On Friday, the Canadian Venture Capital and Private Equity Association (CVCA) followed in the footsteps of other Canadian innovation organizations, issuing an open letter to Minister of Small Business Mary Ng calling for stronger supports for Canada’s startup community.
“These three actions will provide the liquidity necessary for Canada’s high growth startups to survive this acute time of crisis.”
The CVCA, which represents over 1,800 individual members and over 290 member organizations across Canada, called for the federal government to address the current needs of high growth startup companies and the entire innovation ecosystem. The group suggested steps the government could take to better support the ecosystem, which has (like many other small businesses) been hard hit by the current economic impacts of COVID-19.
The CVCA highlighted three measures the government could take, based on input from its community, including paying Scientific Research & Experimental Development (SR&ED) tax claims, providing investor liquidity to BDC, and improving the wage subsidy, which Prime Minister Justin Trudeau announced was increasing to 75 percent Friday morning.
In response to Trudeau’s announcement on Friday, CEO Kim Furlong told BetaKit that the CVCA is pleased to see the 75 percent increase and tax deferrals, noting that the measures will “go a long way to keep Canadians on the payroll and increase the critical need for liquidity in the market.” She also urged the government to adopt the other recommendations in the CVCA’s letter, as a fulsome way to address the needs of the innovation community.
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“Canada’s small, innovation-based firms are particularly vulnerable to the liquidity challenges resulting from the measures implemented to curb the COVID-19 pandemic,” the CVCA noted. “Taken together, these three actions will provide the liquidity necessary for Canada’s high growth startups to survive this acute time of crisis, sustaining our innovation ecosystem.”
Along with increasing the wage subsidy, the CVCA’s second recommendation was to pay all SR&ED tax claims on an expedited “no review” basis. The organization called for all current claims to be viewed as legitimate with each company’s CEO providing an attestation that their claims are legitimate, with an agreement to a future audit if the CRA should request one.
“For 2020, the government can proactively pay companies an interim six-month SR&ED payment based on the prior year’s filing,” suggested the CVCA. “There are no incremental expenditures for the government associated with this recommendation, however, it would have an immediate, material impact on companies that make up Canada’s innovation ecosystem.”
The CVCA is also calling for the government to provide “adequate capital” to the Business Development Bank of Canada (BDC), in order to maintain liquidity and the continued flow of investment dollars into Canada’s innovation ecosystem.
While BDC is currently part of the government’s emergency loan program for businesses, which received an additional $12.5 million on Friday, the CVCA is asking for additional capital for investors and funds. “This is especially important as, traditionally, foreign investors have retreated in times of crisis, further compounding the liquidity challenge,” says the CVCA in its letter.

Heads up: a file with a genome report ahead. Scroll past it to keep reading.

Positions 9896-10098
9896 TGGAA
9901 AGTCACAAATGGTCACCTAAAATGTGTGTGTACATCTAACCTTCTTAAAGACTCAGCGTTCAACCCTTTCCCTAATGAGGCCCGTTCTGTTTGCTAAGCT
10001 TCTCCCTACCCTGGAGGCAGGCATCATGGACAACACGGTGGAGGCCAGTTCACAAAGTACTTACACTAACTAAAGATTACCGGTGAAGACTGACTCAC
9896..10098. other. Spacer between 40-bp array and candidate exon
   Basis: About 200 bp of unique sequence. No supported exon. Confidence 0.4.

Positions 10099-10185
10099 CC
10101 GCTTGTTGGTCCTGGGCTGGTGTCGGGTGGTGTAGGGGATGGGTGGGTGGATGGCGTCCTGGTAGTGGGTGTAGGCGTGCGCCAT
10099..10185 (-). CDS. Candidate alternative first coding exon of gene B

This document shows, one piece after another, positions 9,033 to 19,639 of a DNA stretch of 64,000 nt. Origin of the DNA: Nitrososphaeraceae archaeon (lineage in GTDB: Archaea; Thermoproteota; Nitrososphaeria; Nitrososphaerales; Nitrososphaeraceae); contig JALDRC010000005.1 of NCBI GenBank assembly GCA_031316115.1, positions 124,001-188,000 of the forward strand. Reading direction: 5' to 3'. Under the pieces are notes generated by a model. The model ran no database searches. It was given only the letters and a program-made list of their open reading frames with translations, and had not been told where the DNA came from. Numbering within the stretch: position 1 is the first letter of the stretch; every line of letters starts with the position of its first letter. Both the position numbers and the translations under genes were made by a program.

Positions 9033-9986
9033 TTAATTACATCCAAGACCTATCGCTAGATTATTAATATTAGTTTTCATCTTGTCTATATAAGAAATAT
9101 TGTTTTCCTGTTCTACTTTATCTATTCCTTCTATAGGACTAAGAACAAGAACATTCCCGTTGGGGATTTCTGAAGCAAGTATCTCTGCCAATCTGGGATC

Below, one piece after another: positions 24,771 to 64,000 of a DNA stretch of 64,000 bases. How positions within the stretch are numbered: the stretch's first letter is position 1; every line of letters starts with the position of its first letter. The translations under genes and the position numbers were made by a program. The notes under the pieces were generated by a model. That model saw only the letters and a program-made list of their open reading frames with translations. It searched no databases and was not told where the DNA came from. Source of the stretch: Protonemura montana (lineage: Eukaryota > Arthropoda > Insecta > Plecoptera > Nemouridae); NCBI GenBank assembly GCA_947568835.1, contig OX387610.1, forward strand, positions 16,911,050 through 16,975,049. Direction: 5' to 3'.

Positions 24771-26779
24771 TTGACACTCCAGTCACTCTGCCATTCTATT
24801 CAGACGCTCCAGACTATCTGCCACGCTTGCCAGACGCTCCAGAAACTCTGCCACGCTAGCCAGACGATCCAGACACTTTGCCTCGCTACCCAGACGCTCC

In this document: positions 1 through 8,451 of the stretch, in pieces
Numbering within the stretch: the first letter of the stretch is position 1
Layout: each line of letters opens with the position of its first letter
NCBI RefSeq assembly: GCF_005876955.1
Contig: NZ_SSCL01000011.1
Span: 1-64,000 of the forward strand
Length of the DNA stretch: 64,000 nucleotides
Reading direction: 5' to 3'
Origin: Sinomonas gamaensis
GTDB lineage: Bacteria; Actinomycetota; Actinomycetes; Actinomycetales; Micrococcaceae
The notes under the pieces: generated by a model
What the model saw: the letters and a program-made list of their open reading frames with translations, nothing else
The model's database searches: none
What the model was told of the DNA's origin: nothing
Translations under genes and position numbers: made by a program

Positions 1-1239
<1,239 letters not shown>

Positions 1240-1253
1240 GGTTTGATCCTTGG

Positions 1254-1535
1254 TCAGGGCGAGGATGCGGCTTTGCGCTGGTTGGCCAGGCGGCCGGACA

It called for BDC to provide matching convertible note loans, on a one-for-one basis with General Partners (GPs). CVCA suggested that while the loans accrue interest they would have no payment obligations for up to 36 months, at which time the note could be converted into equity at the BDC’s discretion.
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“The CVCA understands that in the past, BDC’s strategic investment group established a similar mechanism for promising early-stage start-ups,” the letter reads. “In the current context, we recommend that this program be available to venture-backed companies of all stages.”
The CVCA also called for BDC to help close rounds for GPs that are currently raising, citing the difficulty to close given the current uncertain market. “This will lead to prolonged fundraising timelines and the inability to start deploying capital into the market, resulting in a severely constrained flow of capital into the Canadian innovation ecosystem, especially in 2020,” CVCA wrote. “The BDC has an important role to play in shoring up this gap through the rapid allocation of dollars to close these funds, thereby accelerating the flow of venture capital investment into innovative start-ups throughout 2020.”
In the letter, CVCA also called for BDC to temporarily modify lending parameters, a move that could increase liquidity for startups and small tech companies that don’t typically qualify for those types of loans. To this end, CVCA asked the government to defer principal and interest payments to the BDC and waive covenant ratios, in order to avoid defaults.
While Furlong applauded Friday’s federal announcement, she told BetaKit, “the current structure of the bank loan program assumes pre-existing relationship with financial institutions that most startups don’t have. While we are encouraged by the steps taken today, we urge the government to quickly move forward and adopt the recommendations outlined in our letter to Minister Ng today.”
“Private equity and venture capital play a critical role in the Canadian economy. Canadian venture capital has made tremendous strides in recent years,” CVCA notes in the letter. “It is imperative that government and industry work together to take immediate action to ensure safeguard its progress and to secure the future promise inherent in Canada’s robust innovation ecosystem.”
“We look forward to working with all levels of government to ensure Canada’s small businesses and entrepreneurs overcome this crisis,” added Furlong.